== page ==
It is possible that ewes do not maintain gestation after foetal death owing to endocrine failure during the establishment of the foetus, or that the amount of P4 is not enough to maintain it (Bari et al., 2003). This effect was observed in Pelibuey sheep in T1, T2 and T3 in the present study, which is related to the management factors associated with artificial insemination that modify fertility. In reproductive planning, the intervals between births, reproductive season, age of the mother, heat stress and nutritional status or breed are negative influences. Dixon et al. (2007) reported a 19.9% loss of late embryos, and estimated that 21.2% were lost from day 25 after trans-cervical post-insemination with frozen semen. Therefore, the insemination protocol influenced the response of the Pelibuey ewes to synchronization with two doses of PGF2a in the present study owing to the number of services and the time of insemination, because they differed between artificial insemination and natural breeding (Kumar & Naqvi, 2014).

The three main variables that contribute to prolificacy are ovulatory rate, embryonic and foetal survival (Martin et al., 2004). The GnRH analogs in synchronization with PGF2a increase prolificacy in ewes (1.7 offspring) (Martemucci & D'Alessandro, 2011) or do not affect it, but the fertility increases when applying the GnRH 24 hours after the second dose of PGF2a. Castillo-Maldonado et al. (2013) reported 1.8 ± 0.2 offspring from prolificacy and 1.42 offspring from fecundity, which differs from the results obtained in the Pelibuey ewes synchronized with two doses of PGF2a in the present study. Fierro et al. (2011) reported prolificacy of 1.3 offspring and a fecundity of 0.8 offspring, which corroborates results obtained in the present study. The results obtained for fecundity in the present study are attributed to the "male effect", the type of insemination and the synchronization protocol, because after introducing the male, the pre-ovulatory discharge of LH occurred from 3 to 30 hours and ovulation occurred between 24 to 60 hours. However, ovulation induced by the "male effect" was not preceded by signs of oestrus and was characterized by short oestrus cycles (less than seven days) and low secretion of luteal P4. That is, CL of short duration and silent oestrus are observed, which then re-establish normal oestrus cycles and fertility (Oldham & Martin, 1978).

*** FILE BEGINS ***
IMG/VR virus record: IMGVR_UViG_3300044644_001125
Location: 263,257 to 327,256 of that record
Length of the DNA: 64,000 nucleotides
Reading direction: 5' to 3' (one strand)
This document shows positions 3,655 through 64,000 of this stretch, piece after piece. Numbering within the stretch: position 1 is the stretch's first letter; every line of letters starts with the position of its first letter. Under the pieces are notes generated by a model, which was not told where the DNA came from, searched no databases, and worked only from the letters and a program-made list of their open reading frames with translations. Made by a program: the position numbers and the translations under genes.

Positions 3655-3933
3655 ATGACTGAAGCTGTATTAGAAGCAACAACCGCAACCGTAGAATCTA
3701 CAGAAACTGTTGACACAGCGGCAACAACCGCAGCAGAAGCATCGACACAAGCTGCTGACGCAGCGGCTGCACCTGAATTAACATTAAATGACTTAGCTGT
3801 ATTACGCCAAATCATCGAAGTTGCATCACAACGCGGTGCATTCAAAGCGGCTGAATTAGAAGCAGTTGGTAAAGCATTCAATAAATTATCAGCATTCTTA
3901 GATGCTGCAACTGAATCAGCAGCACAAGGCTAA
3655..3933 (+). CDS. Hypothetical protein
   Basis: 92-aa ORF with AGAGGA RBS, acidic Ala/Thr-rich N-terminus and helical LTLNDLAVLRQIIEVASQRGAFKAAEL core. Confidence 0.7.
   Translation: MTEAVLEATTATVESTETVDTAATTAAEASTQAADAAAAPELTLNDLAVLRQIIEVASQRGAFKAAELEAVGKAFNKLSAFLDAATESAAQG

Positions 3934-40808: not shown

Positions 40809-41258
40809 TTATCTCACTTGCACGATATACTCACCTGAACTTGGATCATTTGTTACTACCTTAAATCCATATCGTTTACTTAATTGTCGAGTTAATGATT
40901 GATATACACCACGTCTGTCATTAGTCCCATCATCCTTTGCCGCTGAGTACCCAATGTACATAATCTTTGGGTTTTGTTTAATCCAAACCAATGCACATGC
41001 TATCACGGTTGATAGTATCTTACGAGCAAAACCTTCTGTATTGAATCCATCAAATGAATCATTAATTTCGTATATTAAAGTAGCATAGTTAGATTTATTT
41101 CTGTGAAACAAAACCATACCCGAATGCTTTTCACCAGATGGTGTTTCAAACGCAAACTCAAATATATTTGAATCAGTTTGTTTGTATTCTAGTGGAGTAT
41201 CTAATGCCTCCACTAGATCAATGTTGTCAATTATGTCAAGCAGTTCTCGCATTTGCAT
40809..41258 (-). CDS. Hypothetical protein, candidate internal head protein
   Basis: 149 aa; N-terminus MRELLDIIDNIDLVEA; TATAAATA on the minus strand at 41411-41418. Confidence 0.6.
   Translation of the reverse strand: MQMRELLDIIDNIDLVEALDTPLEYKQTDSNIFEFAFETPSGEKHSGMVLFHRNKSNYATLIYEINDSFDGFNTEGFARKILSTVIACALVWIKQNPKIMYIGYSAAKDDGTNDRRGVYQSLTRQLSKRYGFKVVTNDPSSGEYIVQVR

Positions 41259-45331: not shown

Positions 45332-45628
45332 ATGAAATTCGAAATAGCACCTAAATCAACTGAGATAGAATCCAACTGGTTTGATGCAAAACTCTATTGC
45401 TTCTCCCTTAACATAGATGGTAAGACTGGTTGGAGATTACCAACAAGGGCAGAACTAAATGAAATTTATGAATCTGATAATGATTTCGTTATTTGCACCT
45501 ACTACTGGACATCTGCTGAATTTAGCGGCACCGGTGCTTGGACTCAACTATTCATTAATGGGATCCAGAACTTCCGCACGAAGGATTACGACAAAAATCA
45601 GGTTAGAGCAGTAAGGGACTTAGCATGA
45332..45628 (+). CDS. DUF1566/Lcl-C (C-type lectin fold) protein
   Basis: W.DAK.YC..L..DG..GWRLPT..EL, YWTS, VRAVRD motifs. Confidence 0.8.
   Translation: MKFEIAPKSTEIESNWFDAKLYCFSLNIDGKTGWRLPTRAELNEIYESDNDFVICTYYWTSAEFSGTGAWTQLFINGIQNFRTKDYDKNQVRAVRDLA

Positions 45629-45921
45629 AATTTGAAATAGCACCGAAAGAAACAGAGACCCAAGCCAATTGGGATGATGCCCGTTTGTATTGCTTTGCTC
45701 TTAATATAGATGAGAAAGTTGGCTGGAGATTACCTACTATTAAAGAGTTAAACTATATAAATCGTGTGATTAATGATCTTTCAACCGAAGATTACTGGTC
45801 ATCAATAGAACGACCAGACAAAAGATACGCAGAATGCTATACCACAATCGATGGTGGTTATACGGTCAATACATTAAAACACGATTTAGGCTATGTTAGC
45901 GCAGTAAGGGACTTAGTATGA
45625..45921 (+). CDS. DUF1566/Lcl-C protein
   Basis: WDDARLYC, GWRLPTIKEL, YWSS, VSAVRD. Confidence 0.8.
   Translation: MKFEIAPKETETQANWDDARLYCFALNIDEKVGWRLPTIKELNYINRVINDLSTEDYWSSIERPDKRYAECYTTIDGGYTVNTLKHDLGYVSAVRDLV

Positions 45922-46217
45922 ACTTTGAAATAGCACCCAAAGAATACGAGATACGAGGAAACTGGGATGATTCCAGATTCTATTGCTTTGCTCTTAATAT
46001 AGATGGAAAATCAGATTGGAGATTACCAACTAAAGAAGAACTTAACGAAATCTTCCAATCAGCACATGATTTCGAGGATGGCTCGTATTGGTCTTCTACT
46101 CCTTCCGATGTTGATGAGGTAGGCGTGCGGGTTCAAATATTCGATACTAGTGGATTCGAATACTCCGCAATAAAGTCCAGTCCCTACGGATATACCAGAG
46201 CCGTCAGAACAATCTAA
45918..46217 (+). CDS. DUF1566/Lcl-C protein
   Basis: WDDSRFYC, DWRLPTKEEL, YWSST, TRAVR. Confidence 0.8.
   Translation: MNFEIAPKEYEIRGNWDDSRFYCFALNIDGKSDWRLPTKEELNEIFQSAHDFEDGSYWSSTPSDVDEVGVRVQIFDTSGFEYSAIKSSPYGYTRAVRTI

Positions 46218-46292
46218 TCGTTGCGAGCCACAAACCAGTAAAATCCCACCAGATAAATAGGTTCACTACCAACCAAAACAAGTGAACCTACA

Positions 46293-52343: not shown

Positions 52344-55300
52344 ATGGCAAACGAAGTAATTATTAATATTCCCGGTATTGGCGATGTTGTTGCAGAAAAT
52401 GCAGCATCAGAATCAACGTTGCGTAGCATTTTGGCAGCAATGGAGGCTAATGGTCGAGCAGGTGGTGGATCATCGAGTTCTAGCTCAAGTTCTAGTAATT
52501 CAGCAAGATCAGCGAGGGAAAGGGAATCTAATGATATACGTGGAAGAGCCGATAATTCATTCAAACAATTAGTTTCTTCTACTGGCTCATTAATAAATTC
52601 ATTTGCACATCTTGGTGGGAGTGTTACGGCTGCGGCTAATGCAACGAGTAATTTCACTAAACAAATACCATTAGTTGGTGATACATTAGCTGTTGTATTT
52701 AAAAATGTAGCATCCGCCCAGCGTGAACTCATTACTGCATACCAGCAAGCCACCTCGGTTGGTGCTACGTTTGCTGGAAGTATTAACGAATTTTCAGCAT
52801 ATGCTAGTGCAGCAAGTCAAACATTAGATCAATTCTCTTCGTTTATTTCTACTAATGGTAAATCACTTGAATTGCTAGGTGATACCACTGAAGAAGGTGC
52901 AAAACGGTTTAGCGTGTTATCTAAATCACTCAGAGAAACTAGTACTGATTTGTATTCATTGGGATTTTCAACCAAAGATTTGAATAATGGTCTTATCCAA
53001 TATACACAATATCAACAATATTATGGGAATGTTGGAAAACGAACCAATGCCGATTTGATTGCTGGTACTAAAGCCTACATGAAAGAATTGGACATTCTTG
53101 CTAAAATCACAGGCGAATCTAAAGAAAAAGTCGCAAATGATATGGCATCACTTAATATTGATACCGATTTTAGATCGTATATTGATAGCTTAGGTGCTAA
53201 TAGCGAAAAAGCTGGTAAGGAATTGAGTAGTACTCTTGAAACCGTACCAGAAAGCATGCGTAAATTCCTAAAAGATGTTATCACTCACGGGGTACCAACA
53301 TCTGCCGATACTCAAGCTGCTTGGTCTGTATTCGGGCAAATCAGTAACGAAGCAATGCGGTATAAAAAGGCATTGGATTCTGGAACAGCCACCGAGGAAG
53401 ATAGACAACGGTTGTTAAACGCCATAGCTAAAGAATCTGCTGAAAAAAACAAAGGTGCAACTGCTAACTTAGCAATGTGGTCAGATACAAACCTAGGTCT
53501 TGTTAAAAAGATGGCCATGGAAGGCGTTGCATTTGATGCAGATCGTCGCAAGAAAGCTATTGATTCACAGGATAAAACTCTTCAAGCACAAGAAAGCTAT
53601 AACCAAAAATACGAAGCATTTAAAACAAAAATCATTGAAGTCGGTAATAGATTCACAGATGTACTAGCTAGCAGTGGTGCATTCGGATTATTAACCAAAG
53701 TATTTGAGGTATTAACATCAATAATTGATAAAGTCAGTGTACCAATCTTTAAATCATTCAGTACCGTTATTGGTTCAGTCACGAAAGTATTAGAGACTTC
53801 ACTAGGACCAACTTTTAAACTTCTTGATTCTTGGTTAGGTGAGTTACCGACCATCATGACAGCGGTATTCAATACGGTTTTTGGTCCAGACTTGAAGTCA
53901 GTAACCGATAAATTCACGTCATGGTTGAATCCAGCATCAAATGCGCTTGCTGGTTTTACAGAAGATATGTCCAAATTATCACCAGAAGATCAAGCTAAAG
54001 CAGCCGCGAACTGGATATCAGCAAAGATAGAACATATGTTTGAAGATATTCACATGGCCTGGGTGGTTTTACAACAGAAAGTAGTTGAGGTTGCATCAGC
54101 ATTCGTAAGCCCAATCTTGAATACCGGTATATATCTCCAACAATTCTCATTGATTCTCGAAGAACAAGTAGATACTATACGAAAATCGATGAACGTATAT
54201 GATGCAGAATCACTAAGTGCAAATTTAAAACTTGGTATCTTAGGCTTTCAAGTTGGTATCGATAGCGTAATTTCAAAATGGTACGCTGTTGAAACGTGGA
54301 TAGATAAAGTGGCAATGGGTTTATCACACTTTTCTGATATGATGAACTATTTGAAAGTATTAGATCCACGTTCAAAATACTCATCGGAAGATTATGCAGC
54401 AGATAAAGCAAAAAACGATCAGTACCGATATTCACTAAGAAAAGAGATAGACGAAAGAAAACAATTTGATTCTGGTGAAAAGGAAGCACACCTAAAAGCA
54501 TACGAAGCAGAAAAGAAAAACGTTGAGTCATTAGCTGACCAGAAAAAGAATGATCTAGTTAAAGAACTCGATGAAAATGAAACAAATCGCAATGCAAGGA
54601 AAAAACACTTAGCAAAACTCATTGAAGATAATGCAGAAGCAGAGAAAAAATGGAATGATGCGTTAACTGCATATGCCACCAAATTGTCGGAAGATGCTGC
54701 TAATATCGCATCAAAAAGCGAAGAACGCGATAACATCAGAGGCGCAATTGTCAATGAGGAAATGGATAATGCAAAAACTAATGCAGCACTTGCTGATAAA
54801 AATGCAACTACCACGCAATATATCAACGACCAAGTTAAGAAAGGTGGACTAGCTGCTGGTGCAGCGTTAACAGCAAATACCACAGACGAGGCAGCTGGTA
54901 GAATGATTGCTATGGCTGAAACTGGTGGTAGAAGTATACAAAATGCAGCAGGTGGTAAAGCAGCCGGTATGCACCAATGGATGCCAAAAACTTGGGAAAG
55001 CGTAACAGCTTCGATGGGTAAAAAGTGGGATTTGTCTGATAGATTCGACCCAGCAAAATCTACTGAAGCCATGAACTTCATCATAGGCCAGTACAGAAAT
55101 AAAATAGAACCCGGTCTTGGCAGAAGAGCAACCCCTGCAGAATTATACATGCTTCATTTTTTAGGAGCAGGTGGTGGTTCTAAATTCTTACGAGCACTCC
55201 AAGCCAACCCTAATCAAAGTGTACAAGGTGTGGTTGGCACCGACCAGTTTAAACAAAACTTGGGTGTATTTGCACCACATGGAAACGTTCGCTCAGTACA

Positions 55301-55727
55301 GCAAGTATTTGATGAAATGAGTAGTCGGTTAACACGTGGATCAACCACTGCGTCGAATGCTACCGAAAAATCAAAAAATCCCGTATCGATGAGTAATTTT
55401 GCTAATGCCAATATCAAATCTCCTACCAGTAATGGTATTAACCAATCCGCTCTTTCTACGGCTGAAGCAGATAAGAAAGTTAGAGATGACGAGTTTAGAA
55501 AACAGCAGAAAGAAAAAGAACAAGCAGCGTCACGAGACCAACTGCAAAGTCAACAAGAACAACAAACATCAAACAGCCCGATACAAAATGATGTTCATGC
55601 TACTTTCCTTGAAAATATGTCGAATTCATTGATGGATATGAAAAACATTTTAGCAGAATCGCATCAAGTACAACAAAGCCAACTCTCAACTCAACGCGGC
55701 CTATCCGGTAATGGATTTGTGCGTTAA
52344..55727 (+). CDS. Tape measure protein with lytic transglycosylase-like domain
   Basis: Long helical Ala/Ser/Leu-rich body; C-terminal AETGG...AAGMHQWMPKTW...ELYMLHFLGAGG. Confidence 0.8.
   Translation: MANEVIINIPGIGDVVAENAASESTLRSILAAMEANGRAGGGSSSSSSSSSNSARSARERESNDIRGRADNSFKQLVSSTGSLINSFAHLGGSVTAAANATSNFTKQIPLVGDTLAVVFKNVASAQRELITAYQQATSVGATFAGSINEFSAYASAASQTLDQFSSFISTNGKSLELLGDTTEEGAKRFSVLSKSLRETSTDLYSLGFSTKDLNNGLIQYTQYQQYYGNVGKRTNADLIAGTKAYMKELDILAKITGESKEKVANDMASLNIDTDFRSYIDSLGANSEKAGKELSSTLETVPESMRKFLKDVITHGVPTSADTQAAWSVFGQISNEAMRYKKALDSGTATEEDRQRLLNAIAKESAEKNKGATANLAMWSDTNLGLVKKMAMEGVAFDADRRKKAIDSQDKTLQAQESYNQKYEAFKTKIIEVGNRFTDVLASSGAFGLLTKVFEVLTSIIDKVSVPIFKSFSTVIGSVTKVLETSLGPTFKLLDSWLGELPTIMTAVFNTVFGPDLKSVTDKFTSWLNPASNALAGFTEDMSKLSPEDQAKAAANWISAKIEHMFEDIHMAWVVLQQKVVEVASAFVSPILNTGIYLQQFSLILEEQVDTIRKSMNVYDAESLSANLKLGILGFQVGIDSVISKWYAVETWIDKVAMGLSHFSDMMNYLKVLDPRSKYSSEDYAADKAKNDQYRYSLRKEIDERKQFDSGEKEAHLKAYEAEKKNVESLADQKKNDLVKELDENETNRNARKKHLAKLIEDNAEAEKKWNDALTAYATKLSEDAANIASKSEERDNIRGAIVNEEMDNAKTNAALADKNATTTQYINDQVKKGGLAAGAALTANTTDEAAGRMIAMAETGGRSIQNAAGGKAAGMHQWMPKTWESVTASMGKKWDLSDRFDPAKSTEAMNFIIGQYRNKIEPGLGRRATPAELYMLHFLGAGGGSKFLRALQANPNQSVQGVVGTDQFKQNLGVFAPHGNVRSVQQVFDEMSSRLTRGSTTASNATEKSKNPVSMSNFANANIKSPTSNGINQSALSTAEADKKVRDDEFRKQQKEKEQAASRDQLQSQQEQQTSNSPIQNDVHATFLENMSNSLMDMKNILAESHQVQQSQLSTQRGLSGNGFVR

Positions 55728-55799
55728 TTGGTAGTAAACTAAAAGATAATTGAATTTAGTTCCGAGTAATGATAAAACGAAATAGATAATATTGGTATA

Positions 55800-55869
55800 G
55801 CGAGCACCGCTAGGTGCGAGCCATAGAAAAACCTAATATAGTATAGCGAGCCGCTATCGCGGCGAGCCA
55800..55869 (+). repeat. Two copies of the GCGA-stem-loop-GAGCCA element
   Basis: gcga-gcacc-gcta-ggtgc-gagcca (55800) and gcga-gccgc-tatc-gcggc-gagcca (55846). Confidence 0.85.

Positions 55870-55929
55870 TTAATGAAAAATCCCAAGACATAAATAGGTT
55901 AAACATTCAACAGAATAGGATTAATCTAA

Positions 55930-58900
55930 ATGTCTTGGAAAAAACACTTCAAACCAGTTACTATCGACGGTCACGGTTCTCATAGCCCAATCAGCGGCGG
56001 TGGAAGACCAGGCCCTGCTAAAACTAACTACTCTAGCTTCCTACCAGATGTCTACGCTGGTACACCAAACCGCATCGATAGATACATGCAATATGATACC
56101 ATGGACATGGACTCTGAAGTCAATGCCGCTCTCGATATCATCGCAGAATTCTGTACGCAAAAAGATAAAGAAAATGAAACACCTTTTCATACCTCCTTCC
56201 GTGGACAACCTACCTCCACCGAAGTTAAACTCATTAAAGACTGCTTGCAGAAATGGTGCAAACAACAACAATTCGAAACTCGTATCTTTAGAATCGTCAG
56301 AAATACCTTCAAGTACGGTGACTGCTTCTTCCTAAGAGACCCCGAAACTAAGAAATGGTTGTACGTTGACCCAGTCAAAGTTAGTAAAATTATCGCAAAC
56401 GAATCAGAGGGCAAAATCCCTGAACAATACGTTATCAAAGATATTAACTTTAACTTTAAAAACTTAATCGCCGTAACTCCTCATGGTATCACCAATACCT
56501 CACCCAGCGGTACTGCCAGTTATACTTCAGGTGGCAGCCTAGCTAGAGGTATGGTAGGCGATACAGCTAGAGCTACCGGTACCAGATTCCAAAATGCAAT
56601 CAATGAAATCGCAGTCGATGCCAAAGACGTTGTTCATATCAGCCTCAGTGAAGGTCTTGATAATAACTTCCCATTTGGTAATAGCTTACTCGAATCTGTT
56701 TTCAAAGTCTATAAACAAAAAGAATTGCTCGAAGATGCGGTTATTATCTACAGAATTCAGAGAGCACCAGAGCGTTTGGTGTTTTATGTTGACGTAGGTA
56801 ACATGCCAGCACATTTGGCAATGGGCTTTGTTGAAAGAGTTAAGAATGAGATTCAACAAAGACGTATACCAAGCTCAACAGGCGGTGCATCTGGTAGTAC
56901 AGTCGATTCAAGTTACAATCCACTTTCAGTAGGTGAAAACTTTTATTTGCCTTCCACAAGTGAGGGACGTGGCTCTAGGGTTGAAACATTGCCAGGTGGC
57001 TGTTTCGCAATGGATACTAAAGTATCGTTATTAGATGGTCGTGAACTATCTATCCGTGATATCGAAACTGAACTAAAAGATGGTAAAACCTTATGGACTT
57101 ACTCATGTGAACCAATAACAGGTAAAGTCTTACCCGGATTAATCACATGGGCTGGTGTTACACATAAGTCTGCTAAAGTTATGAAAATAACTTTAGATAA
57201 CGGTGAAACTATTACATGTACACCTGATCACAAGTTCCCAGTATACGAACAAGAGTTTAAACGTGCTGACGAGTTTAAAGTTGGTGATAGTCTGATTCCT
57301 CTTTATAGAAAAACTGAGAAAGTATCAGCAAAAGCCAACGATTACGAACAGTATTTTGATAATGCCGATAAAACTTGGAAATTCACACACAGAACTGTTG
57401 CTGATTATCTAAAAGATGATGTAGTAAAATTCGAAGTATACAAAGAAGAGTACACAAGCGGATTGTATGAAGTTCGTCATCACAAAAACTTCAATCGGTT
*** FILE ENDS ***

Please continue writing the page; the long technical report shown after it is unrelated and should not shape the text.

Synchronizing post-partum ovarian activity with the "male effect" and "temporary weaning" reduces the onset of oestrus and the rate of return to oestrus, but increases the response to oestrus and fecundity in Pelibuey ewes. Therefore, compared with other studies, this reproductive management could be recommended to improve the fertility of Pelibuey ewes synchronized with two doses of prostaglandins at 45 days post-partum.



The authors wish to thank Colegio de Postgraduados for the support from Fideicomiso No. 167304/2010-2011 to LPI-5 Biotecnología Microbiana Vegetal y Animal (Plant and Animal Microbial Biotechnology), the Laboratorio de Reproducción de Ovinos y Caprinos (Laboratory for Sheep and Goat Reproduction) for supporting the realization of the reproductive management protocols, and Humberto Vaquera Huerta for helping with the statistical analyses.

Authors' Contributions

JAHM carried out the research work and wrote the manuscript, based on the JAHM's PhD thesis, under the supervision of JGS, CCR, CAHR, PPH and APM. Data were collected by JAHM, and analysis of data and interpretation of results was led by JGS with assistance from PPH, CCR, APM and CAHR. Critical review and final approval of the version to be published were done by JGS, JAHM and PPH.

Conflict of Interest Declaration

The authors certify that they have no affiliations with any organisation or entity with any financial or non-financial interest in the subject matter or materials discussed in this manuscript.



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Received 17 December 2017
Accepted 5 July 2018
First published online 7 September 2018